September 2003 News

Global Community Not Pro-active On Kashmir: Pak

23 September 2003
The Times of India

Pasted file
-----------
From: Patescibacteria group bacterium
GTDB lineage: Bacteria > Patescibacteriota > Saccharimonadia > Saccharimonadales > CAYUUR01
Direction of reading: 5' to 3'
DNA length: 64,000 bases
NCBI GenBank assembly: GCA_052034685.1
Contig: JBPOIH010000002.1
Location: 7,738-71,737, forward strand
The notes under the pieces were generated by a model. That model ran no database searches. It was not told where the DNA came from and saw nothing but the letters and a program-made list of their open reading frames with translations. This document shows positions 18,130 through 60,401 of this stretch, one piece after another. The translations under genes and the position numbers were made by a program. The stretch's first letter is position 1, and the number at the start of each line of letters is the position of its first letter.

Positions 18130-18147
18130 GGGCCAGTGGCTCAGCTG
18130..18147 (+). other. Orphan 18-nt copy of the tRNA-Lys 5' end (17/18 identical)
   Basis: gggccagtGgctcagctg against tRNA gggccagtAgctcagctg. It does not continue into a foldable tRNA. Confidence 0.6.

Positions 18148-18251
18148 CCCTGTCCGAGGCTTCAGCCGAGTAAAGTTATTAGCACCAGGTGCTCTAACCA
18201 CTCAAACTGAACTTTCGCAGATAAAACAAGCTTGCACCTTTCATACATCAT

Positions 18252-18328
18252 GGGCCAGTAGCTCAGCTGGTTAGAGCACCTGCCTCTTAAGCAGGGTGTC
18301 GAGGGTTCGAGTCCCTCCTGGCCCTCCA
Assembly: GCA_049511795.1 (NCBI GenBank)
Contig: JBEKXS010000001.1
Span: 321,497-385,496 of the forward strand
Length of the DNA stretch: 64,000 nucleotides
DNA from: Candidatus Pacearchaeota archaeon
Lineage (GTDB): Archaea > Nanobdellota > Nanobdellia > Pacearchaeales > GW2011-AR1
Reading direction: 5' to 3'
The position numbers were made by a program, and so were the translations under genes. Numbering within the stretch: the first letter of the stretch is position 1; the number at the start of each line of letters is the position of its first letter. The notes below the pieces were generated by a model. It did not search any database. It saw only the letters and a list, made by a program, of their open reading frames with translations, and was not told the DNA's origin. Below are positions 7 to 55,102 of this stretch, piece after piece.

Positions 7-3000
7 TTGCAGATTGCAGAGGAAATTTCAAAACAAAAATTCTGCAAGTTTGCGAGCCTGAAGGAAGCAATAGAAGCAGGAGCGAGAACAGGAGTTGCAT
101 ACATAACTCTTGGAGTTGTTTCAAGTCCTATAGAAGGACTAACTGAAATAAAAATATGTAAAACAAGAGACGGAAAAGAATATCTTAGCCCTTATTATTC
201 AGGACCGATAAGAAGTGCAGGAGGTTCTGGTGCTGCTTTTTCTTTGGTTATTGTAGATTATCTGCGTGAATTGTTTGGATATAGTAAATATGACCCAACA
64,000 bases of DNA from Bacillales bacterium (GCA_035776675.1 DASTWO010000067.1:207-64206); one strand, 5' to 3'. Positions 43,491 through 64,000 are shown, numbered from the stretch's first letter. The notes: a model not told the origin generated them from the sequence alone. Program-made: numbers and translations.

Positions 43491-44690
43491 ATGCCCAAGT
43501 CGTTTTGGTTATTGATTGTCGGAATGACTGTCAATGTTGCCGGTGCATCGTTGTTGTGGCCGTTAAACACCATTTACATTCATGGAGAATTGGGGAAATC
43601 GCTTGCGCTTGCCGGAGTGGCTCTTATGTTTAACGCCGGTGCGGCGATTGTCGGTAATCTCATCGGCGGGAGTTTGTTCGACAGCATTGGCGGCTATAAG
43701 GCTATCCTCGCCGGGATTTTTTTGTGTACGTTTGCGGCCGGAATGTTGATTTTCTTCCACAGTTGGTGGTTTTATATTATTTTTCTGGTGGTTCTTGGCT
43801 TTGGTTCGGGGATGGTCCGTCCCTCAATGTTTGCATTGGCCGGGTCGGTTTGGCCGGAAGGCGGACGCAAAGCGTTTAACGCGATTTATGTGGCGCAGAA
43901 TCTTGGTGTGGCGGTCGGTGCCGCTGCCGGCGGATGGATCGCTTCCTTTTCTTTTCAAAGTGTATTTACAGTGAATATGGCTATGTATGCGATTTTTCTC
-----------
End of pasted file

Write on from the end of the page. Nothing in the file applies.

Islamabad: As President Pervez Musharraf gears up to raise Kashmir issue in his address to the UN General Assembly, Pakistan on Monday lashed out at the United Nations and international community for 'not doing enough' to pressure India to hold talks with it to resolve the issue. 'The international community is not doing enough. The UN has not done enough. The United Nations has been pro-active in many other areas but not on Kashmir,' Pakistan Foreign Office spokesman Masood Khan told a media briefing. 'It is not enough to issue statements. It has to be more active on resolution of Jammu and Kashmir dispute,' he added. Khan said the international community should persuade Prime Minister Atal Bihari Vajpayee to begin talks with Musharraf to discuss Kashmir and other issues. 'It is the responsibility of the international community to look for a breakthrough to end the conflict,' he said replying to a question. Khan's remarks came as Musharraf reached New York to address the UN General Assembly and meet US President George W Bush on Sept 24, during which he was expected to raise the slow pace of India-Pak peace process. Asked whether the reluctance on the part of the international community to take a pro-active role to resolve the Kashmir issue was due to failure of the Pakistan Foreign Office to highlight it properly, Khan said 'the answer is no and emphatic no'. Khan said for over 50 years, Kashmir was 'more than an obsession' with Pakistan and was dealt with on priority basis by all governments, including the present one. He said the Kashmir issue has four players: Pakistan, India, the international community and Kashmiris - 'in that order.' 'Pakistan has always fulfilled its promises' under all mechanism that existed and is ready to fulfil any other promises,' he said adding it was India that went back on all it had promised. 'But the international community has not done enough. People of Jammu and Kashmir are suffering. The Foreign office has not failed but it is the international community that has failed, because the attitude of India is negative, adamant and obstructionist,' Khan said. Asked about the chances of a meeting between Vajyapee and Msuharraf in New York, he said Pakistan had proposed it in the past but India never responded positively. However, he added that Islamabad had not made any specific request this time. Khan said External Affairs Minister Yaswant Sinha and Foreign Secretary Kanwal Sibal had already discouraged Pakistan Foreign Minister Khurshid Mehmood Kasuri from visiting India to deliver the SAARC summit invitation. 'They are not ready to meet. How can the meeting take place. It is an interesting charade. It remains a charade,' Khan said. Asked whether Musharraf would raise the Kashmir issue at the UN General Assembly, Khan said the issue has been on the agenda of the Security Council for half a century. In addition to raising the issue, Musharraf would highlight the need for the resolution of the Kashmir issue and stop alleged human rights violations in Kashmir, Khan said. Reacting to India's stand that it would be a test case for Pakistan not to raise the Kashmir issue at the UNGA, he said 'Indians want to hide the on- going acts of repression'. Khan said Musharraf, who was scheduled to meet Bush on Sept 24, would raise the issue of imbalance in conventional arms capability between Pakistan and India in view of Israel's decision to sell Phalcon airborne radar system and New Delhi's intention to purchase Arrow missiles. Musharraf would try to impress upon Bush not to support this move, he said. Reacting to reports of Taliban recapturing some districts in Afghanistan, Khan said there was need to mount a sustained and aggressive campaign to prevent this. 'Afghan, US and NATO-led forces should orchestrate and execute campaign so that remnants of al-Qaeda and other terrorists are interdicted and arrested,' he said. Asked about reports in international media blaming Pakistan for its nuclear connections with Saudi Arabia, Iran and North Korea, Khan said there was no substance to these allegations. He said most of the reports were based on rumours to malign Pakistan. 'These reports have been rejected by the Pakistan leadership at the highest level,' Khan added. Khan said Pakistan's nuclear capability was defensive and India specific. He said Islamabad did not endorse proliferation of any sort and had a very reliable and foolproof export control system. 'Our record in this record is impeccable.' He denied reports that Indonesia had lodged any protest over the arrest of some Indonesian students in Karachi last week for links with extremist organisations. Khan the arrests were made to interdict and investigate suspected terrorists. He said investigations against the students were underway and no final determination had been made.

 

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